Producer, mixer and songwriter Greg Wells gives us a glimpse behind his working producing and mixing the #1 U.S. Billboard original soundtrack for The Greatest Showman, the musical film starring Hugh Jackman.
From Adele to Katy Perry to Twenty One Pilots, producer, mixer and songwriter Greg Wells has credits on albums selling over 90 million units. Yet he had never worked on a film soundtrack when he was hired by director Michael Gracey to produce and mix the original soundtrack for The Greatest Showman, the musical film starring Hugh Jackman. The soundtrack went on to become the first #1 U.S. Billboard album of 2018 and a number one hit in 77 countries. We asked Greg for a glimpse behind his work producing and mixing the album.
Greg, in what way was this experience different from producing a pop/rock album?
I try to give every song on an album by any band or artist a unique, bespoke approach. I’ve produced all different kinds of music. As long as I love the music, I feel I mostly know where to take it. Genre itself doesn’t make my job easier or harder.
It’s interesting that the film is a period piece, yet the music is contemporary. Was this intentional?
The director and I tried very hard to make things feel fresh and vital, while still realizing that this story took place over 150 years ago. I think staying away from trendy gimmick production was important, because we also didn’t want the music sounding forever locked in 2018.
Did the fact that it would be heard on theater systems affect the way you mixed?
Yes, absolutely. The entire experience was an eye opener because the theater is such an immersive experience. The actor’s eyebrow is 10 feet wide! Everything is bigger and deeper than I would typically frame things, and that affects the music and the mix, too.
Did final mix approval differ than when working with ‘regular’ artists?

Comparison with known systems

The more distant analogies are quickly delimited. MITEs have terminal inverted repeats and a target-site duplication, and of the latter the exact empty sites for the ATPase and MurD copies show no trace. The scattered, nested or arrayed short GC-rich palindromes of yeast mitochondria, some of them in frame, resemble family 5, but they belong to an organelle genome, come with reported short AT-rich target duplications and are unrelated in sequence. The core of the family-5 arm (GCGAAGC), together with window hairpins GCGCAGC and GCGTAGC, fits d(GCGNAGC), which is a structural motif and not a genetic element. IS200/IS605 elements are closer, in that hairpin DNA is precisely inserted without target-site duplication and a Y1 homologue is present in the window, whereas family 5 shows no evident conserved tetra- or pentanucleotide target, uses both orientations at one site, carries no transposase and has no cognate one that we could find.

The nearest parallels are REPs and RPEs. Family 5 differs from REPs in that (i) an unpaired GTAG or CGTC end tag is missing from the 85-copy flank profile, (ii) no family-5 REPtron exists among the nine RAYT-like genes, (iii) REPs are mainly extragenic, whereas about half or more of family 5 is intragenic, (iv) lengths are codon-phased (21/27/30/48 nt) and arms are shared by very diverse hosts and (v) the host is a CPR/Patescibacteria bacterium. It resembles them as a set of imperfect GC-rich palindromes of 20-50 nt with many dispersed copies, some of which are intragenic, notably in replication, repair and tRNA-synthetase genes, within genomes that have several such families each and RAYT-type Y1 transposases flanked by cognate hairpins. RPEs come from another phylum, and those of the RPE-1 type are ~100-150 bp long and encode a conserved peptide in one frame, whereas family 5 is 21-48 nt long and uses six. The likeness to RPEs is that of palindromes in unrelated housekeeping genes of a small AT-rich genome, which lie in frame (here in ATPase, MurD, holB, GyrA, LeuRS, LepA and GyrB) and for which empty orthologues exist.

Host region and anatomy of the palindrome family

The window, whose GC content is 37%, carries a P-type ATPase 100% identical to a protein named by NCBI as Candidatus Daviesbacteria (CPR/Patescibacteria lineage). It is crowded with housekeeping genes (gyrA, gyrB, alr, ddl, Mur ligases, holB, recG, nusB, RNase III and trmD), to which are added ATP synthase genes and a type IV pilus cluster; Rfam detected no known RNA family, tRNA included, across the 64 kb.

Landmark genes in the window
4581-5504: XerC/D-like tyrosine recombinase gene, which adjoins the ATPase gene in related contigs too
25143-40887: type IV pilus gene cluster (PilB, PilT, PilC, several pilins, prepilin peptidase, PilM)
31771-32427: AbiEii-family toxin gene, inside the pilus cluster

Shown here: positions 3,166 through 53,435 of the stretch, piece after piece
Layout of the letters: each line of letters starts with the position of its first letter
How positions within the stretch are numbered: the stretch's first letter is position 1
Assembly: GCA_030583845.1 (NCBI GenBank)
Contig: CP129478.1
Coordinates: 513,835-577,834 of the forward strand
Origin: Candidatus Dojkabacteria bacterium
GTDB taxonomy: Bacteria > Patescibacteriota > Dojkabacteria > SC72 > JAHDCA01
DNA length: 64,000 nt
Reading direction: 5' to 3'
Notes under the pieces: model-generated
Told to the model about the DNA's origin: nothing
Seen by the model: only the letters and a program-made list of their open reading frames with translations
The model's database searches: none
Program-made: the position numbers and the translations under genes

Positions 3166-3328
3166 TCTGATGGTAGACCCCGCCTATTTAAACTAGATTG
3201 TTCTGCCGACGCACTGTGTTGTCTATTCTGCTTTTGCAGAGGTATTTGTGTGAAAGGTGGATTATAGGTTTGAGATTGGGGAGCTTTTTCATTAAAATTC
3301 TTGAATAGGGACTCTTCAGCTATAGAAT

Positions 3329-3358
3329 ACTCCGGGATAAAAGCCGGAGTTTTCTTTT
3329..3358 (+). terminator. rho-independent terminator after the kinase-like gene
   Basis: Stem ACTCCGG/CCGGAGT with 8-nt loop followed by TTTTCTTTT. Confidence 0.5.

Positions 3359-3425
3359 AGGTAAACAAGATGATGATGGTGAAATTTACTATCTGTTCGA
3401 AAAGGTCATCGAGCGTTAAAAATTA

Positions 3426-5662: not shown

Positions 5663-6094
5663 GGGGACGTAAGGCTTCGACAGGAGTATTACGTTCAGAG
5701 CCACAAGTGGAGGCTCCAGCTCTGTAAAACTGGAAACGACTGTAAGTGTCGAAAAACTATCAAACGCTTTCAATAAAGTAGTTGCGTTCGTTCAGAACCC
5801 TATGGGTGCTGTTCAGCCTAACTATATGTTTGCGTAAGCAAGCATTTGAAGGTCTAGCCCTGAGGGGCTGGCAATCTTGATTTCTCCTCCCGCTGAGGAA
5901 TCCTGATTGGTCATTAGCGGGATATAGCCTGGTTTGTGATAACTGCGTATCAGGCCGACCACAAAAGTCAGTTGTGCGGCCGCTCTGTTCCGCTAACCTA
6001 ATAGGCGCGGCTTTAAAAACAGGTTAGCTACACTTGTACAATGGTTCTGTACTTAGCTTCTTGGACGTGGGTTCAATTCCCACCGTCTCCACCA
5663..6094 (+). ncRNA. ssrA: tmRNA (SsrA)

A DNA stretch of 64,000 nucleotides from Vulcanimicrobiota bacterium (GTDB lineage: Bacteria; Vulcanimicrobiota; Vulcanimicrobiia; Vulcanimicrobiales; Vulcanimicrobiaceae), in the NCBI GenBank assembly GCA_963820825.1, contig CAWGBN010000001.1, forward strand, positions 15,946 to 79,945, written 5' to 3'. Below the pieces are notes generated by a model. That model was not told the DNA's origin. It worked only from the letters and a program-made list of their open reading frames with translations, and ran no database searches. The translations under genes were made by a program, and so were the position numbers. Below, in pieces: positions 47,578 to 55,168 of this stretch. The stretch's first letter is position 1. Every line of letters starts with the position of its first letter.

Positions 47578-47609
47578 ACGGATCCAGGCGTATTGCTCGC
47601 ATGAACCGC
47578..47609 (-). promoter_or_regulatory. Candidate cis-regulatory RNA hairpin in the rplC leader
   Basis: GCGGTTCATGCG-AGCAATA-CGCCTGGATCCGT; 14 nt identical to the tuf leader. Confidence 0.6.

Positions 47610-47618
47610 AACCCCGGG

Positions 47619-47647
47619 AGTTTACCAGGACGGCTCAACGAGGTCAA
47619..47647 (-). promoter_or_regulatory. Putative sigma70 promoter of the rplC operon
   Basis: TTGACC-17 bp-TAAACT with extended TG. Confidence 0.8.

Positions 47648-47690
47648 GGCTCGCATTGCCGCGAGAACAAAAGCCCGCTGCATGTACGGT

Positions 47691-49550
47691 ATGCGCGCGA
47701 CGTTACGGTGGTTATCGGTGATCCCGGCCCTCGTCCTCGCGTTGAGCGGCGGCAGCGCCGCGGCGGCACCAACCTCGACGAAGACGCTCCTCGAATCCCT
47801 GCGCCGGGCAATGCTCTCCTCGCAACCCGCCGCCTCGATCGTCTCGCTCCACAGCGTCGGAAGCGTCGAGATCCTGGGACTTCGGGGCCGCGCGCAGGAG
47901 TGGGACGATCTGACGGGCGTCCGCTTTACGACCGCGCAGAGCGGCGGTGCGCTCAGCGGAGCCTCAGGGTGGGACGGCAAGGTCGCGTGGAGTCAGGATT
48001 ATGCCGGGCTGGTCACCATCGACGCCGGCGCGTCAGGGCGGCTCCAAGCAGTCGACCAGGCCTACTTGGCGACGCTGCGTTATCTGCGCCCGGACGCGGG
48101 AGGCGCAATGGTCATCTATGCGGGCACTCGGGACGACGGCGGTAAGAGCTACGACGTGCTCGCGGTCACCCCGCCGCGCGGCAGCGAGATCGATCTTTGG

For the soundtrack album itself, I had full control while working very closely with the songwriters and film director. For the theatrical movie release, I had very little control. I had to turn over all my mixes to the film studio in the most intricate stem session format I’ve ever been asked to provide. I wasn’t 100% satisfied with the mix of the music in the theater version, and the film studio very kindly let me remix the songs with legendary film mixer Paul Massey for the DVD digital release. This is where the movie will live forever, on cable, hotels and airplanes. I’m happy that we finally got the film mixes right.
Did you play any of the instruments in the recordings?
Yes, many! I came into the movie during the final year of its making. Lots of versions of the songs had already been recorded, and the director gave me a green light to decide what I wanted to keep or replace.
Did you work pre-visuals, post-visuals, both?
Most of the songs had a visual and I loved working to the video clip of a finished movie. The visuals told me what to do with the music. Ironically, after I had worked on the music for a month, the director came to my studio and said I was making the visuals look different in a good way. It’s incredible how the visual informed the audio, and somehow it went the other way too.
Did you use any Greg Wells Signature Series plugins in your mixes?
Yes, often. My signature plugins let me do a lot with just one plugin, there’s so much processing packed into them. The Greg Wells VoiceCentric was used on many lead vocals in the film. I also used lots of my favorite Waves plugins – MV2, Renaissance Compressor, Linear Phase Multiband Compressor, H-Delay and Doubler.
Working on a film soundtrack for the first time, what was your #1 takeaway from this experience?
The biggest takeaway for me is to follow my gut creatively, because I immediately knew I wanted to take on this incredible project. The gut instinct knows more than any other source of knowledge or opinion. I loved the message of human inclusivity in the story. This movie celebrates people with differences. It celebrates people that are so different, that their own parents were ashamed of them. It celebrates an interracial romance in the 1850s. I don’t want to live in a world where everyone looks and thinks the same, in the same way I don’t want to attend a symphony orchestra performance where all the musicians play the same notes in unison.
Any plans for doing more of this type of work in the future?
I was surprised to find out that working on a movie felt exactly the same as working on a record. It’s all story-driven. The better the story is, the better job I’m able to do. I would love to work with director Michael Gracey again, and who knows what the future holds?
Want to dive deeper? Get Greg’s mixing tips for vocals and your full mix.